Q&A with Brian Kitts, Blacksburg High’s new principal
Family: Wife, Kim Kitts, teacher at Kipps Elementary School. His brother lives in California with a wife and three daughters. His dad and stepmother, Gary and Vickie Kitts, live in Christiansburg.
Education: Undergraduate degree at Virginia Tech in family and child development. Graduate degrees at Radford University in education curriculum instruction and administration and supervision K-12.
BLACKSBURG — It’s been seven years since Blacksburg High School welcomed a new school year with a new face leading the charge.
Brian Kitts, the school’s new principal, was hired in July after the school’s former principal, Michael Hurst, was reassigned to the school system’s central office.
The first day of school in Montgomery County is Tuesday.
Kitts brings with him experience as both a teacher and administrator in the Montgomery County School System. He most recently served as the assistant principal at Eastern Montgomery High School.
For Kitts, a life-changing experience in high school prompted him to dedicate his life’s work to helping children.
When he was just a junior, his mother was killed by his classmate.
“It was one of the most challenging times in my life, and it was something certainly you never want anyone to go through, but it’s created an opportunity,” Kitts said.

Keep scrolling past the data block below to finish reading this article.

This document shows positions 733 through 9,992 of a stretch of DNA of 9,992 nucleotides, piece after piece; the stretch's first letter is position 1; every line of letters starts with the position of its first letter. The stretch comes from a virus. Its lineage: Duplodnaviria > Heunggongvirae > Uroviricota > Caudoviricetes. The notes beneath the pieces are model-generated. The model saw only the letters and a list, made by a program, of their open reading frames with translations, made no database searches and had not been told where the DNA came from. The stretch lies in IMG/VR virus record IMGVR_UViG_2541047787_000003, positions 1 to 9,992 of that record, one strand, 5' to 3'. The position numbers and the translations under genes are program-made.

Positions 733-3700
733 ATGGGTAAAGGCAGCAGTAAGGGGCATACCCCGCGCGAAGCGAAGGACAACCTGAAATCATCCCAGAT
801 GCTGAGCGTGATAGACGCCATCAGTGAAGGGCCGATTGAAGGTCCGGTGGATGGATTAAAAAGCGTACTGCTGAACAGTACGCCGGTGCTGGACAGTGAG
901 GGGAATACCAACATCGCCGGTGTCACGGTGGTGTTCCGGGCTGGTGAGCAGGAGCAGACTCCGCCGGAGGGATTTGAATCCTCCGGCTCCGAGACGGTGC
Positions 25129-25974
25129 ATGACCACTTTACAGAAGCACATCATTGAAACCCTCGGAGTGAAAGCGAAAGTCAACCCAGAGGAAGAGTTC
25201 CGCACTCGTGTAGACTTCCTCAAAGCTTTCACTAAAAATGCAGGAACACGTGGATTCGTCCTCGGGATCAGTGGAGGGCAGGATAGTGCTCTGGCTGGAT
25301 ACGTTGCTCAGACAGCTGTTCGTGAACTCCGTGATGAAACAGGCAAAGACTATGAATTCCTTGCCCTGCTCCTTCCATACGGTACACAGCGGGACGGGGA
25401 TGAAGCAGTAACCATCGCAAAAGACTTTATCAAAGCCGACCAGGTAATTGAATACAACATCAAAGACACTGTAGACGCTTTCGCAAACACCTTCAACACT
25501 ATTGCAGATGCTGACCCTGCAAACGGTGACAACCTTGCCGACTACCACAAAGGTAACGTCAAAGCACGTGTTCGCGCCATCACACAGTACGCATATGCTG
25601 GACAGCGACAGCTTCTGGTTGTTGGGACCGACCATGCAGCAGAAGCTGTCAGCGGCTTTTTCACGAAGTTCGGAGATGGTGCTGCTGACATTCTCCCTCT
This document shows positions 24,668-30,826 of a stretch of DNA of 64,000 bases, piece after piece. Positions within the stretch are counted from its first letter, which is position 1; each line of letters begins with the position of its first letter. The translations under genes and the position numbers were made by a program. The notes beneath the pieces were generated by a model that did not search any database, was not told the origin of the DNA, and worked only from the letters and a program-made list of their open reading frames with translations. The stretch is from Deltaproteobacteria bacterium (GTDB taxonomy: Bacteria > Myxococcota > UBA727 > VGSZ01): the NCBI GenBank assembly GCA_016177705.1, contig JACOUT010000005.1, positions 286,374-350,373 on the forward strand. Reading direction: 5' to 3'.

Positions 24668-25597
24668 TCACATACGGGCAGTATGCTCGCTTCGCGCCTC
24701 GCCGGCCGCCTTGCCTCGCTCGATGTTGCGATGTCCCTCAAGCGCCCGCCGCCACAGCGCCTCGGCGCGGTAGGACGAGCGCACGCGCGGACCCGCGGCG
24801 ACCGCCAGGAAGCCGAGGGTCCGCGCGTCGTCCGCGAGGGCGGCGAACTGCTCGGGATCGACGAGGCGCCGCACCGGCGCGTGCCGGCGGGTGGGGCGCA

“It’s made me a better person, and it’s presented me with the ability to create and to do things and to work harder and to do more for students so that never happens again.”
In a recent interview with Kitts, the new principal spoke about the importance of instilling students with lessons they can carry beyond the classroom and the importance of forming strong relationships and working together.
“The teachers can’t do it all, and the parents can’t do it all,” Kitts said.
“If they can combine with the kids, and we can get the kids to really look out for one another and to take a vested interest in the success of each other, then we can create something that’s extremely powerful.”
Q: What would you say the “keys to success” are in public education in today’s world?
A: The first key is, you have to have a good curricular program in place. Curriculum is essential. You have to create kids for the future that they want to live and give them an opportunity to do what they want to do in life. That’s most important. Then you look at things like community. Building your athletic programs and building your sense of community and your activities and your programs that you offer for students so that it’s a comprehensive education, an opportunity for kids to come in addition to getting their education and really develop themselves holistically. I look at the climate and the character and the things we do to grow our kids and get them prepared for the future, because regardless of what we teach, the character values and the things we instill in them are the things they’re going to have with them the rest of their life.
Q: What is one thing you’re most proud of in your public education career?